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News from PeerGuardian and Bluetack

By taklamakan | September 24, 2007

Fakhir (Phoenixlabs staff member) pointed out that:
PhoenixLabs (PeerGuardian publishers) don’t publish or have any control over what is or is not included in the IP lists.

So its not PeerGuardians fault, they just use the blacklist of bluetack. So bluetack compiles the blocklist and everyone else just trusts them blindly, thanks for pointing that out!

He also said we should contact bluetack about the block of our tracker IP-Addr., so we did! We sat down in an IRC chat on #bluetack together with Monk from bluetack (the only person in charge for the blacklist we found) and Andreas Bogk from the Chaos Computer Club (CCC) to discuss why the IP-Addr. of our tracker and all the networks of the CCC are blocked by them.

Their “facts” are:

  • The server-owner works for the MPAA
  • The funniest thing was that they really believe that the owner and admin of the server our opentracker runs on, works for the MPAA because of the “You can click, but you have to hide!”-pun at his website linking to the MPAA website, which is obviously a pun joke on the You can click, but you can’t hide print and billboard campaign of MPA, MPAA and GVU!

    You can click, but you have to hide!
    You can click, but you have to hide!

    I know this guy since like forever, first he couldn’t stop laughing when we told him that. In fact he now wants a T-shirt with the MPAA joke for the next CCC congress , but on the other hand he feels a bit stabbed in the back by those allegations from bluetack.
    And those allegations are more than ridiculous! He is not working for MediaDefender, the MPAA or any other p2p or anti-p2p related company!

  • is operated by MediaDefender and this blog is a ploy to trick people into using the tracker
  • So we are a secret undercover anti-piracy operation funded by MediaDefense and MPAA! Whats next, maybe we are terrorists funded by Al Quaida?
    The people too dumb to register their fake download-website with a WHOIS record not related to MediaDefender, the people so dumb that one of them forwarded his email to a gmail-account protected by a “password” so easy that a three-year old child could bruteforce it by its first ever spoken word, those very same people are now suddenly capable of running a blog like this as a ploy, programm a high-scalable open-source bittorrent tracker, let a guy well respected in the hacker and software scene host it via his CVS, let another guy well respected in the software and hacker scene link on it more than once and then not even brag with one word about that in their leaked mail? Wow. is of course not operated by MediaDefender or any other anti-p2p organisation, <paranoia>but maybe the leaked stuff is all a big decoy to cover all this up!!1!</paranoia>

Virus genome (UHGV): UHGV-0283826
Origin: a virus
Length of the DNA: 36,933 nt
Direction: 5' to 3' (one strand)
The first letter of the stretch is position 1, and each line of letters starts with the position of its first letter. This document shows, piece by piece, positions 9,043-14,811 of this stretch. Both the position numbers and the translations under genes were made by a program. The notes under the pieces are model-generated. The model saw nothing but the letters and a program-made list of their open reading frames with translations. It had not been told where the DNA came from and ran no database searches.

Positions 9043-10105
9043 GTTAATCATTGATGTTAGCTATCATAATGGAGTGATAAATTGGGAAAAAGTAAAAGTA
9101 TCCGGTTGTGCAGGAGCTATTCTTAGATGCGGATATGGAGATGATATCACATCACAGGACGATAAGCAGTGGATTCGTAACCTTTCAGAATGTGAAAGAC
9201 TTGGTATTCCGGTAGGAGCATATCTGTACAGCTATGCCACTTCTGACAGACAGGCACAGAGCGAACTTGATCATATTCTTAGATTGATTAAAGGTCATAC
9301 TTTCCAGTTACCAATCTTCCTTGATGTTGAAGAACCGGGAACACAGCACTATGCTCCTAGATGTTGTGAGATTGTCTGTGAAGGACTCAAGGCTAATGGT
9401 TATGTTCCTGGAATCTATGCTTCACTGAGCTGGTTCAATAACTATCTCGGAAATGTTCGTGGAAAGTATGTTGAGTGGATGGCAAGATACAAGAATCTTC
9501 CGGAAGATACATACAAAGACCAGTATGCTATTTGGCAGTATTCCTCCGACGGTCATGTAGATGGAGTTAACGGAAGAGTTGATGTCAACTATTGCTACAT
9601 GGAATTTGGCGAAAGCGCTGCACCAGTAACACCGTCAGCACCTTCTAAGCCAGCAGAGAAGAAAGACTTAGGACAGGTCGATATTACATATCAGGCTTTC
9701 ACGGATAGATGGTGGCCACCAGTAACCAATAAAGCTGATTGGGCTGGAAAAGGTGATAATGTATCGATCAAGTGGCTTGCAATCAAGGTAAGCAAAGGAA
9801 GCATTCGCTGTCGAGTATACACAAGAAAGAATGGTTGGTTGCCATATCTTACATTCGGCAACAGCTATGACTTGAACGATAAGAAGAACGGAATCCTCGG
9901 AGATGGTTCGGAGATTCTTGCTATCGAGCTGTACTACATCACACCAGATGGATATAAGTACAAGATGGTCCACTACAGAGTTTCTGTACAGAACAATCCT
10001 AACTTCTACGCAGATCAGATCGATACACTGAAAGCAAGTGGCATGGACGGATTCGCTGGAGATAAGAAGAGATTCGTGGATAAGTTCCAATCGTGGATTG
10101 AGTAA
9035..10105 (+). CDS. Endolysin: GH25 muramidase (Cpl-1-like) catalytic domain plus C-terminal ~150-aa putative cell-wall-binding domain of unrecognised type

• “before any of this with the trackers last year, we blocked a CCC range for abusing the downloading of our lists. Many hundreds, if not thousands, of DLs a day were happening from an IP belonging to this group.”
  • So someone from an IP-Addr. range temporary (they do the Chaos Communication Congress every year) or permanent (they have branch offices in most of the larger towns in Germany) registered to the Chaos Computer Club downloads the bluetack blocklist more than its acceptable, we are sorry.
    So over a year ago our tracker (before using the new opentracker software, before moving to the server we currently are running it on and before opening this blog) did run on a host at the Berlin CCC club with an IP-Addr. registered to the Chaos Computer Club because we were short of other hosting options.

    So what? We think we already made clear that is not operated by the Chaos Computer Club but some of us have connections to the CCC.

  • “There were huge numbers of fakes on that tracker for over 6 months before that open tracker blog site first appeared.”
  • Yes there were and probably are! Its an open bittorrent tracker, so yes anyone can announce anything on it (we do filter some selected networks which do strange things on our tracker, they are selected by hand because we don’t trust in blocklists like the one in question from bluetack). If there are fake torrents on our tracker we are sorry. We recommend to not use the fake torrents, read the comments before downloading a torrent from index sites! Throw the fake away if you downloaded one, comment the fake torrent on the index-sites and give something back to the community!
    We continue to do our thing for the community: We run a fscking fast (even MediaDefender came to that conclusion) open bittorrent tracker for everybody and we think this is as un-anti-p2p as it can get!

    Conclusion: Those “facts” are worth nothing. Every single one of them is rubbish.

    To quote Fakhir again: Phoenixlabs uses the bluetack lists because their judgment and experience as far as IP research.. The way we see it, this judgement and experience in IP research is blinded by paranoia and self-content.
    For us it seems to be impossible to get our entry deleted from the blacklist by talking to those guys.
    We personally can not recommend the use of any filtering software that includes their blacklist without any form of quality assurance or review.

    Topics: free speech, history | 19 Comments »

    19 Responses to “News from PeerGuardian and Bluetack”